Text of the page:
Cheat Sheet Corporate Finance T2

Cheat Sheet Corporate Finance T2 - Note here you may be...

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Note here you may be asked to compute the Effective Annual Rate (EAR). The equation is EAR= (1+r)^#compounding periods (ex. Semiannual= 2) -1. Interest Rate Risk- All other things being equal, the longer the time to maturity, the greater the interest rate risk. All other things being equal, the lower the coupon rate, the greater the interest rate risk. Current Yield vs. Yield to Maturity(YTM)- A bond's yield to maturity should not be confused with its current yield, which is simply a bond's annual coupon divided by its price. .The YTM must be greater than the current yield if the bond is selling at a discount. The YTM must be less than the current yield if the bond is selling at a premium.Debt securities are typically called notes, debentures, or bonds . Strictly speaking, a bond is a secured debt. Also, usually the only difference between a note and a bond is the original maturity. Issues with an original maturity of 10 years or less are often called notes. Longer-term issues are called bonds. Debenture- is an unsecured bond, for which no specific pledge of property is made. Sinking Fund- an account managed by the bond trustee for the purpose of repaying the bonds. The company makes annual payments to the trustee, who then uses the funds to retire a portion of the debt. The trustee does this by either buying up some of the bonds in the market or calling in a fraction of the outstanding bonds. Call provisions are often not operative during the first part of a bond's life. This makes the call provision less of a worry for bondholders in the bond's early years. For example, a company might be prohibited from calling its bonds for the first 10 years. This is a deferred call provision . During this period of prohibition, the bond is said to be call protected . When comparing Municipal and Corporate bonds calculate the after tax yield of both bonds. o After Tax Yield= Yield x (1-TR) o Break Even Tax Rate= 1- (Tax Exempt Bond Rate/ Taxable Bond Rate) Zero Coupon Bond- a bond that pays no coupons; must be offered at a price much lower than its stated value. A financial market is transparent if it is easy to observe prices and trading volume. Most bond transactions are negotiated between parties and there is little or no centralized reporting of transactions. The lack of transparency also makes it difficult to get up to date prices.In the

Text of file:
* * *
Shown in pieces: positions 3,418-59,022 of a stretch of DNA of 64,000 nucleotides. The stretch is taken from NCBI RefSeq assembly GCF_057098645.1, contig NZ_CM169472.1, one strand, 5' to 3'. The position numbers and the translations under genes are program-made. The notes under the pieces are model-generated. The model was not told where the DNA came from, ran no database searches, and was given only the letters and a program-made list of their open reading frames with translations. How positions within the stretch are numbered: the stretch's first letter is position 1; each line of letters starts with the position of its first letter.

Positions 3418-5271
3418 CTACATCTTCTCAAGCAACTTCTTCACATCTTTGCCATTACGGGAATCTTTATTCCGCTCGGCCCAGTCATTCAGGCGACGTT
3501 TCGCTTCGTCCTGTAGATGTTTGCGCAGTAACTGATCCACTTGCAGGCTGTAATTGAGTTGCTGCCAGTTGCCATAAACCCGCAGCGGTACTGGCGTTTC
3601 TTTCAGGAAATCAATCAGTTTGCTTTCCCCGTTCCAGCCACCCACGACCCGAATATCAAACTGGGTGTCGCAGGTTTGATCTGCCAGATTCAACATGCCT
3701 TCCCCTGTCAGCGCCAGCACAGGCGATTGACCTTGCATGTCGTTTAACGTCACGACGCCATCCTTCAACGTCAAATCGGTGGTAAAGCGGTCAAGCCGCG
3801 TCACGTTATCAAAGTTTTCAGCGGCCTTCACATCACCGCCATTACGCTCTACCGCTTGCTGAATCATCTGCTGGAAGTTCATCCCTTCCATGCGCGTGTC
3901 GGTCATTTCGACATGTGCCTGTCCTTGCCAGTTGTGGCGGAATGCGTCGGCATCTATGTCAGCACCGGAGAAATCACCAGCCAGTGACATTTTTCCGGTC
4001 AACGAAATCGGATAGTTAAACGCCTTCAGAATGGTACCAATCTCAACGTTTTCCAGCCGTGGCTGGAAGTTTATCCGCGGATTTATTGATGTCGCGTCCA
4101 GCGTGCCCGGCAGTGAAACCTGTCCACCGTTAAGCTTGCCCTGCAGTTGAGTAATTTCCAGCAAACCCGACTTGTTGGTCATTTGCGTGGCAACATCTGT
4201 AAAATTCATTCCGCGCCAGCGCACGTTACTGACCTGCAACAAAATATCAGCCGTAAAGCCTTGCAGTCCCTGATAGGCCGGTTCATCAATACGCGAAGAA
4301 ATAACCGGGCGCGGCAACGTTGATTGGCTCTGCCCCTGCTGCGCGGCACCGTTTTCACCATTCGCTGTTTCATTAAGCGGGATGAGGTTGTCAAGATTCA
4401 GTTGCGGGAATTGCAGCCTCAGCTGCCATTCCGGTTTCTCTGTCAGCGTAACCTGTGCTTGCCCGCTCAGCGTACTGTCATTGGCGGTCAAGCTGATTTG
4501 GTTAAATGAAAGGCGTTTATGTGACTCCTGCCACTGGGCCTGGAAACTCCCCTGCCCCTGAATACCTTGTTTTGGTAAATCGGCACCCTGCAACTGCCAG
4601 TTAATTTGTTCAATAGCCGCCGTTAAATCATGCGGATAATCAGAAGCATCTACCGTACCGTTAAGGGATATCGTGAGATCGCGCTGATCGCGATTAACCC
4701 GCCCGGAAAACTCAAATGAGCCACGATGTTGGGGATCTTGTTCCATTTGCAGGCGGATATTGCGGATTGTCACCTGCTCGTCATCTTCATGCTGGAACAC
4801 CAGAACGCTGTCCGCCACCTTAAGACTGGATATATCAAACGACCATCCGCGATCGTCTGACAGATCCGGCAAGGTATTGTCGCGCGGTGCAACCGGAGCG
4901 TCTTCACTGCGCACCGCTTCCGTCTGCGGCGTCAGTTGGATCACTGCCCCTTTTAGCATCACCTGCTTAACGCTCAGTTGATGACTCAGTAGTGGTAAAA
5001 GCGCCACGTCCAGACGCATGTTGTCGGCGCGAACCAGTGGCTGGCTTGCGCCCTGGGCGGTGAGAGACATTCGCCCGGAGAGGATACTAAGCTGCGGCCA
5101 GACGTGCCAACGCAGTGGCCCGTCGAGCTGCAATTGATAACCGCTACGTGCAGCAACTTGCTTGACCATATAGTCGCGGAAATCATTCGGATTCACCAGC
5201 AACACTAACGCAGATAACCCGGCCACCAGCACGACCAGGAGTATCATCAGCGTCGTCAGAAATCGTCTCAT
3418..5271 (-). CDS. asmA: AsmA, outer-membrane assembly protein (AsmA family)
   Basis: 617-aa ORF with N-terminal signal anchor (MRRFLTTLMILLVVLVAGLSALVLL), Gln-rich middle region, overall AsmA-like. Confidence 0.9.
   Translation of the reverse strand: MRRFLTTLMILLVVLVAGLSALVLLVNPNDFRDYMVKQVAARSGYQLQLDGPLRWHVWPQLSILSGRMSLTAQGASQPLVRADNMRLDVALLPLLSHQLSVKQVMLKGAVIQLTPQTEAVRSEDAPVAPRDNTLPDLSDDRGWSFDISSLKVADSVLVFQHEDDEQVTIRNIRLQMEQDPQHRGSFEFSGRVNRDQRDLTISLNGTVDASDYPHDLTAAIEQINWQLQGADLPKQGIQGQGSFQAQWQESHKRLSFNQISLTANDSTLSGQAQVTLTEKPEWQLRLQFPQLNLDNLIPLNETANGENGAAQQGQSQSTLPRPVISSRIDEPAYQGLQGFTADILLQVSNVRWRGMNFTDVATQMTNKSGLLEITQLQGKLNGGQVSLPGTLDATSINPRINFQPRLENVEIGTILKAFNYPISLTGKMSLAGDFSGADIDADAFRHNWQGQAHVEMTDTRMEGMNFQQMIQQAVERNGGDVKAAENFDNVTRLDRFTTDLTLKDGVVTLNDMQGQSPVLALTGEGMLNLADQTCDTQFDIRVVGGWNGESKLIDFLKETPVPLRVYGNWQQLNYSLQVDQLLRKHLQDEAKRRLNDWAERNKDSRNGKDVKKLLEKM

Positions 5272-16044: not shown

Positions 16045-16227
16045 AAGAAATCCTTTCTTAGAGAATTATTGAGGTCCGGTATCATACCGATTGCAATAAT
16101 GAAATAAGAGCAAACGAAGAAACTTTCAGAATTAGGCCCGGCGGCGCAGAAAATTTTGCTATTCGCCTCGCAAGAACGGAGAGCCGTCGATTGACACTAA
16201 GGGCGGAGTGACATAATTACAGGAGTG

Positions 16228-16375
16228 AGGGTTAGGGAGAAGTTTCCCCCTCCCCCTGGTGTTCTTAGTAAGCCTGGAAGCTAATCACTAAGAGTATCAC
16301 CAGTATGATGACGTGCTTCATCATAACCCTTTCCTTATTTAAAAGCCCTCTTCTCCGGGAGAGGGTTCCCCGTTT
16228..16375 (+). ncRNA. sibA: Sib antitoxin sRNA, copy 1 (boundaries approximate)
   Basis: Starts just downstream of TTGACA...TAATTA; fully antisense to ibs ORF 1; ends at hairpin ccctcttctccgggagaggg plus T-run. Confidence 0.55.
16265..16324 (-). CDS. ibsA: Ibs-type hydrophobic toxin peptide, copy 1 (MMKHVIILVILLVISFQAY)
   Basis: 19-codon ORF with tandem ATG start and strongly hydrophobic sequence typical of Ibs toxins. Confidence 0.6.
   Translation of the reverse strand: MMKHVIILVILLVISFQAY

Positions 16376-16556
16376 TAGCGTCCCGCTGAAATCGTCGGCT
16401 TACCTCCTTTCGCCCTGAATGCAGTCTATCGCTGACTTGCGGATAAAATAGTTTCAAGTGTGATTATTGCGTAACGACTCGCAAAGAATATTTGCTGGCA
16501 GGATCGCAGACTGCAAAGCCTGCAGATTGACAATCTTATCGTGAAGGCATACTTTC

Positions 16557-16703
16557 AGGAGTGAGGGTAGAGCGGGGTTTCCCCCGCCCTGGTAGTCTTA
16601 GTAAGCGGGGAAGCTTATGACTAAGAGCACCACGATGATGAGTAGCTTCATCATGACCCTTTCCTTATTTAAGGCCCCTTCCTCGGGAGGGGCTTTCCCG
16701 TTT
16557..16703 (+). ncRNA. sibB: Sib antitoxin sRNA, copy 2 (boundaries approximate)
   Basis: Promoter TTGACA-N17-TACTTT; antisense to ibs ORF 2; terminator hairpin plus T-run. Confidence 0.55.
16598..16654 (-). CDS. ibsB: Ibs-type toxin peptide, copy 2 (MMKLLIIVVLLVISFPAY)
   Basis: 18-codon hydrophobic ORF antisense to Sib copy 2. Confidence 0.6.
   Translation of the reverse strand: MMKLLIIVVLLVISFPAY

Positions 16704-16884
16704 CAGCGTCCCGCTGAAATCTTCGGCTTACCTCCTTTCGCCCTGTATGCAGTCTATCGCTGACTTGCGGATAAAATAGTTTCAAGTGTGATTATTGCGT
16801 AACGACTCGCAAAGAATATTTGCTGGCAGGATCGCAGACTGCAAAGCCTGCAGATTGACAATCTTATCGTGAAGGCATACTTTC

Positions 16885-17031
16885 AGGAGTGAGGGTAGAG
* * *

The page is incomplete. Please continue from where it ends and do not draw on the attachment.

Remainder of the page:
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Cheat Sheet Corporate Finance T2 - Note here you may be...

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